Reevaluation of the role of blocked Oropsylla hirsuta prairie dog fleas (Siphonaptera: Ceratophyllidae) in Yersinia pestis (Enterobacterales: Enterobacteriaceae) transmission
Prairie dogs in the western United States experience periodic epizootics of plague, caused by the flea-borne bacterial pathogen Yersinia pestis. An early study indicated that Oropsylla hirsuta (Baker), often the most abundant prairie dog flea vector of plague, seldom transmits Y. pestis by the classic blocked flea mechanism. More recently, an alternative early-phase mode of transmission has been proposed as the driving force behind prairie dog epizootics. In this study, using the same flea infection protocol used previously to evaluate early-phase transmission, we assessed the vector competence of O. hirsuta for both modes of transmission. Proventricular blockage was evident during the first two weeks after infection and transmission during this time was at least as efficient as early-phase transmission 2 d after infection. Thus, both modes of transmission likely contribute to plague epizootics in prairie dogs.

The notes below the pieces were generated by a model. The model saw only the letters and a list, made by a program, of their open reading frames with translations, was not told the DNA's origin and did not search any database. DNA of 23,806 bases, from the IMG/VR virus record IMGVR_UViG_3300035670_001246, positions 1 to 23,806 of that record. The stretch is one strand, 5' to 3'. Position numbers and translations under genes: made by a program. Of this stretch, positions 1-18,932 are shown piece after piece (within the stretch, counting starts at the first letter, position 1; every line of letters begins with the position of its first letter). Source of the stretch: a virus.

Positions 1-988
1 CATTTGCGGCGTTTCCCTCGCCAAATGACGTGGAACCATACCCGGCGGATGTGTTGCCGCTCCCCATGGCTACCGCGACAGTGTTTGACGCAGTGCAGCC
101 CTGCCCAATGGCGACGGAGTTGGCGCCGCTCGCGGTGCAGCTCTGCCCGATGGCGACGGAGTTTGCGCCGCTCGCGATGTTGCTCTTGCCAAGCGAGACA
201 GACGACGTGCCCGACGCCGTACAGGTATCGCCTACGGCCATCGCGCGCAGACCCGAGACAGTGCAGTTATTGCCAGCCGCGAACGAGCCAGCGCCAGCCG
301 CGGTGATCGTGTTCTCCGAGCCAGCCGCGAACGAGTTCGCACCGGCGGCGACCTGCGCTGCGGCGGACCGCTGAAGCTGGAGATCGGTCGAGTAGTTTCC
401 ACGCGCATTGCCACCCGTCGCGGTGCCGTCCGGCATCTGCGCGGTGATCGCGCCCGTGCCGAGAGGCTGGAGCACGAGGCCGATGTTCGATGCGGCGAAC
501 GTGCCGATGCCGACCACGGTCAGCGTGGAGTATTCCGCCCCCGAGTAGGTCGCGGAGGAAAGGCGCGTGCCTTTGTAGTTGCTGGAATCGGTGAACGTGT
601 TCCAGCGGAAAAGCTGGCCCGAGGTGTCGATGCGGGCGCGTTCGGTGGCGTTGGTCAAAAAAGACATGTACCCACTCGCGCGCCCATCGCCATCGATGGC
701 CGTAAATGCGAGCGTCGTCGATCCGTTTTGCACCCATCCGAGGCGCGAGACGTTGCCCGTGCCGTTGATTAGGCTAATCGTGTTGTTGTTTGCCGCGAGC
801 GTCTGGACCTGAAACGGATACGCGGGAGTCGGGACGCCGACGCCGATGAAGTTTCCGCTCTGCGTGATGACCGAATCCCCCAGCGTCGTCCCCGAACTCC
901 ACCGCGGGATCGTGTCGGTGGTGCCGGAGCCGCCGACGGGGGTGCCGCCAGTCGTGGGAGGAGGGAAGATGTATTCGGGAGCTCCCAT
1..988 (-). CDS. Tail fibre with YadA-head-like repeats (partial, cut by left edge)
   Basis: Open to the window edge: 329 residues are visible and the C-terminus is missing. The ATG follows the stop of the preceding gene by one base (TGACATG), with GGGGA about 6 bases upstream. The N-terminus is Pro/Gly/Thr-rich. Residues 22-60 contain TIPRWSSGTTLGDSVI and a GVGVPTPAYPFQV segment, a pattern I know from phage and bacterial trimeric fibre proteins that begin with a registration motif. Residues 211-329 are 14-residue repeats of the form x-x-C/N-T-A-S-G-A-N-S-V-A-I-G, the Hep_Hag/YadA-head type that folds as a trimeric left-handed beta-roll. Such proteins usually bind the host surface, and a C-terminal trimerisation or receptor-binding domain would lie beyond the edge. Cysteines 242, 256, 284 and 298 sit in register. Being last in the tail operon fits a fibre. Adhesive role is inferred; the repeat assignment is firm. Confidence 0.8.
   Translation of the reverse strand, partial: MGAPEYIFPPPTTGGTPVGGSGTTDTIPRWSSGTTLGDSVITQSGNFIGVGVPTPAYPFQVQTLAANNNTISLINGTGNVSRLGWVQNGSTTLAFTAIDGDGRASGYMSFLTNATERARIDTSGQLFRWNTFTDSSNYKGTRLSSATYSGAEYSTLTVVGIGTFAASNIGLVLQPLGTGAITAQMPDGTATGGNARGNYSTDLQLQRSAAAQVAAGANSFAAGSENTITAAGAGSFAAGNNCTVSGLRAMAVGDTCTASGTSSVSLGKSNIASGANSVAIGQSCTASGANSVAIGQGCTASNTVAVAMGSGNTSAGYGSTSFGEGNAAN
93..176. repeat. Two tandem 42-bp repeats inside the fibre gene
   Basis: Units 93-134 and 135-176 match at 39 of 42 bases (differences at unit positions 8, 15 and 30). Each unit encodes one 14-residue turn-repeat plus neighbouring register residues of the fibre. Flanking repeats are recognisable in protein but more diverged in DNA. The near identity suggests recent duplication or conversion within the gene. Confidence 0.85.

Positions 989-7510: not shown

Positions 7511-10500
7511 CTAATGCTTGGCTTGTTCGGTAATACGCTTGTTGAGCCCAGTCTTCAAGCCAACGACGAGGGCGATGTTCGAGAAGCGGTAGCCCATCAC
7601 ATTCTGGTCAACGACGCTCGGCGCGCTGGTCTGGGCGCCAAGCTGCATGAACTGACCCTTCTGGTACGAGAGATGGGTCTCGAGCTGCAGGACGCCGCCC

|Publication Subtype||Journal Article|
|Title||Reevaluation of the role of blocked Oropsylla hirsuta prairie dog fleas (Siphonaptera: Ceratophyllidae) in Yersinia pestis (Enterobacterales: Enterobacteriaceae) transmission|
|Series title||Journal of Medical Entomology|
|Contributing office(s)||Fort Collins Science Center|
|Google Analytic Metrics||Metrics page|